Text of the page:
Caregiver vs. CNA: What’s the Difference?

Entering the medical profession to care for patients is a noble career choice. Many people choose healthcare because they want to make a difference and help people.

There are many types of jobs available in healthcare – from the receptionist to doctor. Two that are critical in providing direct support to patients are caregivers and certified nursing assistants (CNA).

Both jobs are rewarding and connect you to patients who need you – but what’s the difference?

What Is A CNA?

A CNA is specially trained and certified in specific aspects of patient care. They often work alongside nurses in long-term care facilities, hospitals, clinics, and home health.

To become a CNA, a person must pass a state-approved class that includes classroom and hands-on skills training, and pass their state’s certification exam. Their clinical skills training prepares them to assist nurses in caring for patients.

CNA programs prepare them to provide care in many areas, including:

  • Bathing
  • Grooming and personal hygiene
  • Hand, foot, and mouth care
  • Managing incontinence
  • Measuring and recording weight, temperature, blood pressure, pulse, respirations, urinary output
  • Monitoring nutritional intake
  • Helping a resident in a care facility take their medications
  • Performing range of motion (ROM) exercises
  • Managing perineal and catheter care
  • Safely lifting, transferring, and assisting patients with mobility problems
  • Shaving a patient before surgery
  • Assisting with restroom needs
  • Turning bedbound patients to prevent bedsores

CNAs may also assist in stocking supplies, cleaning and disinfecting rooms and bed linens, or setting up medical equipment. The range of duties a CNA performs may be different in each state.

What Is a Caregiver?

A person in a caregiver role can provide non-medical care to seniors, people with disabilities, or anyone needing help or companionship. They can help people live independently at home or in an assisted living facility. Caregivers can help care for people with dementia but can’t do medical tasks like giving medications.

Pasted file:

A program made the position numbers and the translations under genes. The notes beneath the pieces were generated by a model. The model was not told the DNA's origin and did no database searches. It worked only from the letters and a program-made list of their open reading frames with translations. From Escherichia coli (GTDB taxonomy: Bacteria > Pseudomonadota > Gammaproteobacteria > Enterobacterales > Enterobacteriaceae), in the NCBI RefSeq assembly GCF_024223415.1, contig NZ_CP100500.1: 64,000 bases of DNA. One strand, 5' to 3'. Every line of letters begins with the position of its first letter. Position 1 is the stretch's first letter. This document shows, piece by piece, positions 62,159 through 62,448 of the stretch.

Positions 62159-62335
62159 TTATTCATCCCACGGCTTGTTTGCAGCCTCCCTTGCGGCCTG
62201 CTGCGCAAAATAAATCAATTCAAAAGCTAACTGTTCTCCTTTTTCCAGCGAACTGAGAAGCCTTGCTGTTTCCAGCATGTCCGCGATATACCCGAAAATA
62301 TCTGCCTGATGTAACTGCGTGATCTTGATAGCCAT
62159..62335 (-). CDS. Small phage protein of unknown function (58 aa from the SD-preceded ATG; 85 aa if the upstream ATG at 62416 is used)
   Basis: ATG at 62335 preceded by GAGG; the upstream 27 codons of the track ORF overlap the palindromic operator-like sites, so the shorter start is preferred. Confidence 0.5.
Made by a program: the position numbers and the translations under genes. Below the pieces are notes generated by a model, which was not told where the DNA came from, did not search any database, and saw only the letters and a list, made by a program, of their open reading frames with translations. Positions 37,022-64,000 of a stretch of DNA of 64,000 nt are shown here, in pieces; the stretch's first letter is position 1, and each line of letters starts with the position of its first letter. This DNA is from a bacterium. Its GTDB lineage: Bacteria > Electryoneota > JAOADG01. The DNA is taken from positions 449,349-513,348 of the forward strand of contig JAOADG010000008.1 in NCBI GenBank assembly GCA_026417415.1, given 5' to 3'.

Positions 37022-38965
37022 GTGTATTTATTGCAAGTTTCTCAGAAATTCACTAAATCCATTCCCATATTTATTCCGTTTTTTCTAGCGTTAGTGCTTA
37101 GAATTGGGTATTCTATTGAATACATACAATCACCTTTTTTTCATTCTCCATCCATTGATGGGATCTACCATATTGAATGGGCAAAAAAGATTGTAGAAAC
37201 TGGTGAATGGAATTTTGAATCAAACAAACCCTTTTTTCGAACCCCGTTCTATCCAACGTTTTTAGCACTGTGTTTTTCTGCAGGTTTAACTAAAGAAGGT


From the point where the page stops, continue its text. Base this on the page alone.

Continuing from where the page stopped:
A caregiver isn’t a certified position and typically doesn’t require formal training. That’s not to say they don’t provide essential care! A caregiver can help with everyday tasks and become a valued companion. Caregivers typically can:

  • Assist with hobbies or activities
  • Do light housekeeping and laundry
  • Document food intake
  • Help the patient move around in their home
  • Play games and activities with the patient
  • Prepare meals and assist with eating
  • Provide companionship
  • Read to the patient
  • Run errands
  • Take the patient to appointments
  • Write letters, help pay bills
  • And other non-clinical care

Should You Become a Caregiver or CNA?

Both a caregiver and a CNA can help patients have a better quality of life by assisting them with daily activities. Choosing between becoming a caregiver and a CNA comes down to your level of interest in the medical component.

Often, people choose to become a CNA because they enjoy a more clinical role, or have plans to become a nurse or doctor in the future.

Becoming a caregiver is a rewarding career path for those who prefer to provide companionship to patients, especially elderly people.

Whichever path you choose, you can be sure that you are making a difference in the lives of patients in need!

Start your career today – apply for a CNA or caregiver position!